Open house Jan. 24
About eighteen miles of Dakota County’s 200-mile regional greenway system is planned to go through the heart of Lakeville.
Options for the greenway corridor’s location and alignment options being considered will be available for review Jan. 24 at an open house from 6-8 p.m. at the Lakeville Water Treatment Facility, 18400 Ipava Ave.
The trail, intended to connect regional parks and points of interest, landmarks and schools, will take decades to complete and is planned to be built in segments as development and funding allows.
Lakeville’s greenway segment is planned from the Minnesota River in Burnsville to Lake Marion in Lakeville and on to Farmington’s Rambling River Park.
Dakota County Senior Planner John Mertens estimated the trail to cost $500,000 per mile to build.
Areas where a bridge or other passway is needed are expected to add $1 million to $1.5 million to project costs, he said.
The county plans to seek grants and funding from a variety of sources including federal transportation funding, the Metropolitan Council and the state’s Legacy Amendment and the Environment and Natural Resources Trust Fund.
One of the county’s trail options through Lakeville is to follow the existing Canadian Pacific rail tracks that run past Orchard Lake and Kingsley Lake, cross I-35, past 185th Street and into downtown Lakeville, but C.P. Rail officials have not responded to the county’s efforts to contact them, Mertens said.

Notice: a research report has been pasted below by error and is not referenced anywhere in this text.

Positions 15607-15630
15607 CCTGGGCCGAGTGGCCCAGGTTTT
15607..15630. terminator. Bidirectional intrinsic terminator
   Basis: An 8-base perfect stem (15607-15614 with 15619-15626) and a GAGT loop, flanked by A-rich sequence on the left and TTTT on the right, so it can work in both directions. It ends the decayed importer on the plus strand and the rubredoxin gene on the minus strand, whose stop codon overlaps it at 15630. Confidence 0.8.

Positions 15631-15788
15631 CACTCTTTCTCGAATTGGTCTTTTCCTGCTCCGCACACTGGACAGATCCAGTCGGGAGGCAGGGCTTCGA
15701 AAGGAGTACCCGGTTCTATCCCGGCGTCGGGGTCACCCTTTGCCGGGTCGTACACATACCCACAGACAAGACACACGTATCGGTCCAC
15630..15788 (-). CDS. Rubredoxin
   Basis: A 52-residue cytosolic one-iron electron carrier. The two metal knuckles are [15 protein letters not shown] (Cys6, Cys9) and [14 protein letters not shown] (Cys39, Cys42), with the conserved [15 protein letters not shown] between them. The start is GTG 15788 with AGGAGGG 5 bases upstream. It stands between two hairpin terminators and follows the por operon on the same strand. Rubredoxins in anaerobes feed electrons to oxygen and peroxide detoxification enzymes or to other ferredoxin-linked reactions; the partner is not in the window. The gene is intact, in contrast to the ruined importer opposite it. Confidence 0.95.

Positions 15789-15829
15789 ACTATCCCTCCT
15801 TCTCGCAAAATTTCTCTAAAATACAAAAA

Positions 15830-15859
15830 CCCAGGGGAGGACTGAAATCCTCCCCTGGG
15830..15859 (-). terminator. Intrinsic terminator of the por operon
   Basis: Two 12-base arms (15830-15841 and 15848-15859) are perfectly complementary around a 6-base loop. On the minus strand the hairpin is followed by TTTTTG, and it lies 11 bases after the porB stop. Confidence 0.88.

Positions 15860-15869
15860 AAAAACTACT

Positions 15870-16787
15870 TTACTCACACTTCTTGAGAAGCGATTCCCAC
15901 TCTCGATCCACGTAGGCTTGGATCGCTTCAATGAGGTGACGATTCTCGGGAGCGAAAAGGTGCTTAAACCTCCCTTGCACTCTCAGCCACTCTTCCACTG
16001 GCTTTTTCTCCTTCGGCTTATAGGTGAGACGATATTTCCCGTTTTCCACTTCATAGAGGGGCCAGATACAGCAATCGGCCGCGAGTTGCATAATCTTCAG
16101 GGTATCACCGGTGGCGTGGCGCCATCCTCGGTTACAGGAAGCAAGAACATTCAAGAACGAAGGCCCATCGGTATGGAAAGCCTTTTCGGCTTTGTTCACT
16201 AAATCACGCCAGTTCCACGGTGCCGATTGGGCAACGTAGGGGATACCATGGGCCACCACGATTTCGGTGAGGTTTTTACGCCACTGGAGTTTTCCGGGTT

In recent years, residents have complained C.P. Rail’s use of the tracks in Lakeville for storing train cars created an eyesore.
Dakota County’s plan would turn the tracks into a linear park system, with walkways that connect natural areas.
Mertens said the greenway system will also serve to preserve water quality by including restoration for South Creek, a tributary of the Vermillion River, water quality zones, stormwater infiltration zones and natural habitat preservation areas.
He said the county is planning informative markers along the trails defining areas of historical significance like Antlers Park that opened on the Fourth of July 1910 at Lake Marion and featured a dance pavilion.
Mertens said the county plans to release a draft of its plan this spring when it will hold more open house events.
He expects the Dakota County Board of Commissioners will adopt the plan by early summer then forward it to the Met Council for review, expected by early fall.